Although the focus of the project is upon London from around 1660 to 1725, sanctuaries existed in various forms beyond this city and outside that period. Indeed, how and why sanctuaries disappeared from much of England but persisted in the capital is an important question. A parallel concern is how the English experience differed to those of other countries.
Having biblical roots, one would expect to find sanctuary in some form throughout Christian Europe, and so far I’ve found evidence of it in Scotland, Spain, France and Malta. It’s also possible – I’m not clear on this at the moment – that it was established by the Spanish church in the Americas.
But sanctuary is not solely a Christian or Western tradition, and other cultures have had something similar, existing long after it disappeared from the West. The following lines on the Persian băst come from Surgeon General Edward Balfour’s work The Cyclopaedia of India and of Eastern and Southern Asia, commercial, industrial, and scientific, of 1885.
BAST, Pers, From băstăn, to fasten, a sanctuary, a refuge. Like Kedeah of Galilee, Shechem of Samaria, and Hebron in Judea, the sanctuaries of Kum, and the Great Mosque in particular, are famous places of refuge (or băst, as it is termed) for all persons who have committed crimes, or fallen under the royal displeasure. Such is the sanctity of the holy Fatima’s mosque, that the king himself dare not arrest a criminal who has there sought protection. The Persian custom of băst somewhat resembles that of the Jewish cities of refuge, the Alsatia of London, the precincts of Holyrood at Edinburgh and Westminster, etc. The custom prevailing in the East, of having places of asylum, owes its origin probably to Mosaic law concerning the six cities of refuge. Formerly the whole mahalah, or quarter of Bidabad, was reckoned băst, or sacred. The principle mosque, the stables of the king and nobles, and other places, are asylums, Kum, in lat. 84° 41′ N., long. 50° 29′ E., is a ruined town in Irak-i-Ajam in Persia, 80 miles on the road from Teheran to Isfahan. It was taken by the Afghans in 1772. The tomb of the sister of Imam Raza is there, its bars of solid silver and gates gold plated. Kum is the most celebrated of the sanctuaries of Persia, and Shias frequently fly to it for shelter.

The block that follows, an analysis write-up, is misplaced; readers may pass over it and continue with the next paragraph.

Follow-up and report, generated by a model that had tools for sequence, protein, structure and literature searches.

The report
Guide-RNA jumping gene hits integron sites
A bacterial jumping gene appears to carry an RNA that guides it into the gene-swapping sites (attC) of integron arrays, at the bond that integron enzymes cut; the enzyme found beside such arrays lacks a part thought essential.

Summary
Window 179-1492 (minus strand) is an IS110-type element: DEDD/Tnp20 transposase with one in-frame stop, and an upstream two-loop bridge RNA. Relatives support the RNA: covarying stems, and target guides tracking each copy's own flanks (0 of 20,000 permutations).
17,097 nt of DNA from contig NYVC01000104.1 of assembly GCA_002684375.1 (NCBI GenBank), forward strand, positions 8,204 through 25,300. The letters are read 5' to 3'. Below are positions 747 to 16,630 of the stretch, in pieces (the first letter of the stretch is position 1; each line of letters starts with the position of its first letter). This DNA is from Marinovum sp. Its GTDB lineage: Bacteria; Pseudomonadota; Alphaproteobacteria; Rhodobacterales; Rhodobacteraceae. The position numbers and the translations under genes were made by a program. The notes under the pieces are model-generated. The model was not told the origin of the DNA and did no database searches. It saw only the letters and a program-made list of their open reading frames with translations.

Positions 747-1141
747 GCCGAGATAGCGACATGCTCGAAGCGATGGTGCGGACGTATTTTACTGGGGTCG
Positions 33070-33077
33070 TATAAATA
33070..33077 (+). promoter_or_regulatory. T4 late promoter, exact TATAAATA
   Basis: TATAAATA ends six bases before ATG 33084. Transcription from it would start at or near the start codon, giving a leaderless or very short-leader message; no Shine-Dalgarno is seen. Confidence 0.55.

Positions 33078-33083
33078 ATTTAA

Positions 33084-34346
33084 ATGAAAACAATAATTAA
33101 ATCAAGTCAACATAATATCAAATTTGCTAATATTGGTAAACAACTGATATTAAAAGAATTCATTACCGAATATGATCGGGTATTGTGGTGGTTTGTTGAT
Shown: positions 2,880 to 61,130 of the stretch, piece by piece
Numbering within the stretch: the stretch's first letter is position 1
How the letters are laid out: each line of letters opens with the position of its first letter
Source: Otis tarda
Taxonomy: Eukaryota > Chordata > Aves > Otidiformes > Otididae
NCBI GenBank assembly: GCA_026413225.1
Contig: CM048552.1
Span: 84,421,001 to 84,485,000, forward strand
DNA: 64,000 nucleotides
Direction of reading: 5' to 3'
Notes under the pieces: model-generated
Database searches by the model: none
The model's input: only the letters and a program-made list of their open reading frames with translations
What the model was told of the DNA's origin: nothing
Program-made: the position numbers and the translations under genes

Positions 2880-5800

This encylopaedia is one of those compendiums of colonial investigation, cataloguing the diverse lands and peoples encountered by the British Empire. As such, it shouldn’t be taken at face value; in referencing British and Biblical precedents, it could be translating an indigenous practice into an idiom understandable by administrators. It’s rather vague on why someone would have to take refuge, just mentioning unspecified crimes and royal displeasure. That debtors also availed themselves of băst is noted by the Russian Pierre Ponafidine in his Life in the Moslem East (1911):
the bast becomes the refuge of criminals and evildoers, and of debtors who live year after year quietly in this small town within itself until, losing patience, the creditors generally come to some understanding with them, preferring to receive a small part of what is due than none at all.
There was also a political usage of băst, as the following account of the constitutional revolution of 1906, from Shuster’s The Strangling of Persia illustrates; note also its adaptation to include foreign embassies:
The Crown Prince, Muzaffaru’d-Din Shah Qajar, was made Shah on June 8, 1896, and reigned until January 4, 1907, when he died. Some six months before his death the Persian people, whose discontent with the tyranny of their rulers had been constantly increasing, commenced an open agitation for the granting of a constitution, and in July, 1906, by a measure which was as remarkable as it was successful, they brought about this result.
Some 16,000 people of Teheran, from all walks in life, after being exhorted by the Mullahs or priests, took refuge or sanctuary – bast it is called in Persia – in the vast compound of the British Legation, and in the mosques and other sacred places. The crowds gathered there in the utmost good order; they established their commissariat and sanitary arrangements, and by these purely passive measures succeeded in compelling the Shah to dismiss an obnoxious minister, the Aynu’d-Dawla, and to grant them a code of laws or constitution. After various attempts to break up this peculiar form of resistance, the Shah and his government were compelled to yield, partly through the strange humiliation which the adoption of this course by the people conveys to the minds of the Persian governing class against whom it may be directed, and partly through fear of further and more active measures of opposition. On August 5, 1906, the so-called constitution was granted and the people resumed their homes and ordinary avocations.
A similar story is told some 55 years later in Time magazine’s report on demonstrations against fraudulent elections in 1961:
When an Iranian wants to be safe from the police, he reverts to an old custom called bast, or asylum. The recognized sanctuaries are Parliament buildings, mosques, the royal palace and stables, and, curiously enough, telegraph offices. As Iran last week reeled through its second national election in seven months, citizens were scampering in all directions seeking bast.
Sanctuary then has a far wider history – geographically, chronologically and socially – than is generally supposed. Is there any commonality in all its different forms? How does it change over time, and how is it used for different ends? Is it some sort of Foucauldian heterotopia, a ‘counter-site’, some sort of limit to the State and law? Although the focus of the project is upon London from around 1660 to 1725, it requires asking much larger questions.